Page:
Jan. 3 2019 11:00 AM

People don’t really make the world go ‘round — it’s something to do with angular momentum. People do put a unique spin on Greater Lansing, though, and City Pulse's annual "People Issue" celebrates that. This is not another “most influential” or “most famous” list, but rather a bright bouquet of interesting people from the Lansing area with various backgrounds and experiences worth sharing. Their stories were coaxed from them by our team of reporters and edited for length; their beautiful selves were captured by master photographer Khalid Ibrahim. Now isn’t that better than a whole issue on angular momentum?

Haimen Al-Sumaidee, Refugee job development coordinator

Haimen Al-Sumaidee, 48, is the point man directing new refugees to jobs in Greater Lansing. Al-Sumaidee went through the refugee program himself after fleeing from Iraq. While living in Baghdad, he was a lawyer and program manager of a contracting company working with the U.S. government to redevelop Iraq during the war. This work was dangerous. He was nearly executed in 2006 when kidnapped by a local militia that held him ransom for two days. When he got back home, he reunited with his family and fled to Northern Iraq — leaving his house and all his possessions behind. In 2013, while driving with his family on a freeway, Al-Sumaidee was followed by a car that swerved toward him while he rounded a cliff, railroading his vehicle off the side. Badly injured, Al-Sumaidee survived with his wife and daughter, but his 13-yearold son died days after the incident.

He had to leave. Coming to Lansing in 2016 on a Special Immigrant Visa, Al-Sumaidee worked three part-time jobs to make ends meet. He was hired as a refugee job development coordinator with St. Vincent Catholic Charities in 2017. Since the ‘70s, St. Vincent Catholic Charities has resettled over 17,000 refugees in Greater Lansing.


What was it like to live in Baghdad during the war?

I used to work as a private lawyer with my own office in Baghdad. During the war, everything changed. There were no courts or governmental offices. There was nothing I could do to make a living. At the same time, we were very optimistic that things would change for the best of the country, but things went bad fast. Bad politicians and militias rose up to control the country. They started to eliminate a lot of people: professors, teachers, engineers, lawyers. Two of my best friends had been assassinated. Judges were kidnapped and killed. It was chaotic.

But you still persisted in rebuilding Baghdad. When did your vision of recovery change?

During the times of Prime Minister Nouri al-Maliki, the U.S. government left Baghdad and the Iraqi government did not renew our contracts. Our people started quitting jobs. Militias began ruling the cities, and I was forced to leave. In 2013, I received emails and phone calls threatening that this time they will kill me, because I worked with the U.S. forces and I am Sunni. We couldn’t survive this anymore, so I went into the U.S. Special Immigrant Visa program. I honestly had never thought about it. I was thinking about rebuilding my country. Sometimes I talk to my former colleagues and we say ‘How much life, effort, time and money we gave? It’s all gone in the wind. All gone for nothing. Billions of dollars with a lot of our people killed and kidnapped.’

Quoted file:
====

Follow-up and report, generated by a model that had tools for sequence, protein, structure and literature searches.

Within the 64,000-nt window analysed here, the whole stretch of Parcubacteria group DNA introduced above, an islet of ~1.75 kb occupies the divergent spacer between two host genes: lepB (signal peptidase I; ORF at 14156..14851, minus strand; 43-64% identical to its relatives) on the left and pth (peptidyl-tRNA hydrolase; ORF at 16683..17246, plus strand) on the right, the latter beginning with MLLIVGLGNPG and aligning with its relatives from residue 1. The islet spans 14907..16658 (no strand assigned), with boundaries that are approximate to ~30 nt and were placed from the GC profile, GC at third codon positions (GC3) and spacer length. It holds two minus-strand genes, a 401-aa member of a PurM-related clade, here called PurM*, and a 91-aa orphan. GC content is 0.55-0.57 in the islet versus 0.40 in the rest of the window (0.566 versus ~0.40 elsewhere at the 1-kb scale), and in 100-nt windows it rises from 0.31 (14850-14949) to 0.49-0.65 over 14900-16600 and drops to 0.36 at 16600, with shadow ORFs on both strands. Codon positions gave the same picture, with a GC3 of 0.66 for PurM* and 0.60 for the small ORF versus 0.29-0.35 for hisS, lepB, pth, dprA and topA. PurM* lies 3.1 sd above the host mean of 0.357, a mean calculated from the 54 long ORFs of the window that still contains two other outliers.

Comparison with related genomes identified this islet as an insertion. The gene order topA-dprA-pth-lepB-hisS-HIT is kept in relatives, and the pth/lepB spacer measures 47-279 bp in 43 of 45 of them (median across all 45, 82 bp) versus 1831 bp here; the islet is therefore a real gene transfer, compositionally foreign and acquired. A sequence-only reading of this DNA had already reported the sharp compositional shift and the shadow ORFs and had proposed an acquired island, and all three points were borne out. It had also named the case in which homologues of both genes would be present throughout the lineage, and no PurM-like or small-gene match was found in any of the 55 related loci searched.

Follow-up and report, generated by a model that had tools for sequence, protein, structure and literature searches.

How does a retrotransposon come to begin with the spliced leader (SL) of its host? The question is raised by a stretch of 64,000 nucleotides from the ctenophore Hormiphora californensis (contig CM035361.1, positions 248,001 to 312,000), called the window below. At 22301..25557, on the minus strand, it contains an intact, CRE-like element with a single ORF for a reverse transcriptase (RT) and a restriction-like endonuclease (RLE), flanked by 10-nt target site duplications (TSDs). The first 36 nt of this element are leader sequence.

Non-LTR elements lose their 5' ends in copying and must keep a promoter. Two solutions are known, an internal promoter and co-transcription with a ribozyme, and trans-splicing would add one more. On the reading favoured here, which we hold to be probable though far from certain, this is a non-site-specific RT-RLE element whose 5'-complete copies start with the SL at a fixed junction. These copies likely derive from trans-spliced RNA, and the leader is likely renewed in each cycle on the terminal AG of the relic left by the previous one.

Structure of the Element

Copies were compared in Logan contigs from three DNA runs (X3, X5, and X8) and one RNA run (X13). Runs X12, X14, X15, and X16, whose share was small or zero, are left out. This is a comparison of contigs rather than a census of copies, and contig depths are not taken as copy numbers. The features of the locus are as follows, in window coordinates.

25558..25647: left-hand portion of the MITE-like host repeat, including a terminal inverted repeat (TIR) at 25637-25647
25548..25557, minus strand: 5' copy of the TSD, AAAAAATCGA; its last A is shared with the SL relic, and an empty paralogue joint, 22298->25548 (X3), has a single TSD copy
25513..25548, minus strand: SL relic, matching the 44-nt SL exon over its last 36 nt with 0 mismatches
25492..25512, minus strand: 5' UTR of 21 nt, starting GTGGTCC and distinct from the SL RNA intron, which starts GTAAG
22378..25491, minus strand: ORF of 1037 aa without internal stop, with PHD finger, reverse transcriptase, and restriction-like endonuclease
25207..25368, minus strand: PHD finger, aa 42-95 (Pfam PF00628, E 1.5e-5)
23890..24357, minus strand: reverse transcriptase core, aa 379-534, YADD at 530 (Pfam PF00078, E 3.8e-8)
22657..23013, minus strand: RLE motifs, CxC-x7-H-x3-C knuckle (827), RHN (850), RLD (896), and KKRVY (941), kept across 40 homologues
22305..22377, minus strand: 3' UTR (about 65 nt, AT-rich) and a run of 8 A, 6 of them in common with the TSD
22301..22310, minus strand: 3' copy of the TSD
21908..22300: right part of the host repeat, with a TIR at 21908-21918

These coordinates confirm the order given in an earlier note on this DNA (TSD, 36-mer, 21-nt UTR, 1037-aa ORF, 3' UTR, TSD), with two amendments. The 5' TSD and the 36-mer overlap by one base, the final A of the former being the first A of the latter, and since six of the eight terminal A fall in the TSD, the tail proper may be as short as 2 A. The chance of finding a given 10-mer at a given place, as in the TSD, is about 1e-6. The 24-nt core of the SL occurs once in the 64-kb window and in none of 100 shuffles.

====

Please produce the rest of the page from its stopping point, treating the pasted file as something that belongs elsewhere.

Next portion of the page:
What is going on in refugee resettlement programs?

All the resettlement agencies are suffering financial problems. There is a lot of reduction. We don’t have staff to do all we used to do. Every one of us has a specific job title, but it is really two or three in one. We don’t complain because if you believe in what you are doing with your life and job, it’s OK. I saw what the agency did for me and my family. I consider myself very fortunate: I had language, skills and a degree. Most people don’t speak the language or have any skills or degrees. Some people were living literally in forests. They need help to survive.

A popular counterargument to helping refugees is the U.S. should better focus resources on its own struggling citizens. What do you have to say to this?

It is not right when people say refugees are taking benefits and jobs. I interact with hundreds of employers with thousands of available jobs.

With most jobs, refugees do not even compete with someone for a position. Over 70 million Americans are on benefits and in 2018 only 22,000 refugees were admitted to the country.

Most only have it for several months before working.

What misconceptions are there about refugees?

It is not like immigration where someone wants to come to this country. We have been forced. I left everything: my home, my childhood, my memories. I miss it all. There were no more options for us besides to die or leave. We do not want to beg for help; we prefer to live with our dignity. We were thinking about our children to have safer lives. Work was part of our life. The benefits we get are for three or four months to help us survive. Back home I had a house, a car and property. My kids could go to the best schools. It was hard to accept a new life here, but we appreciated it.

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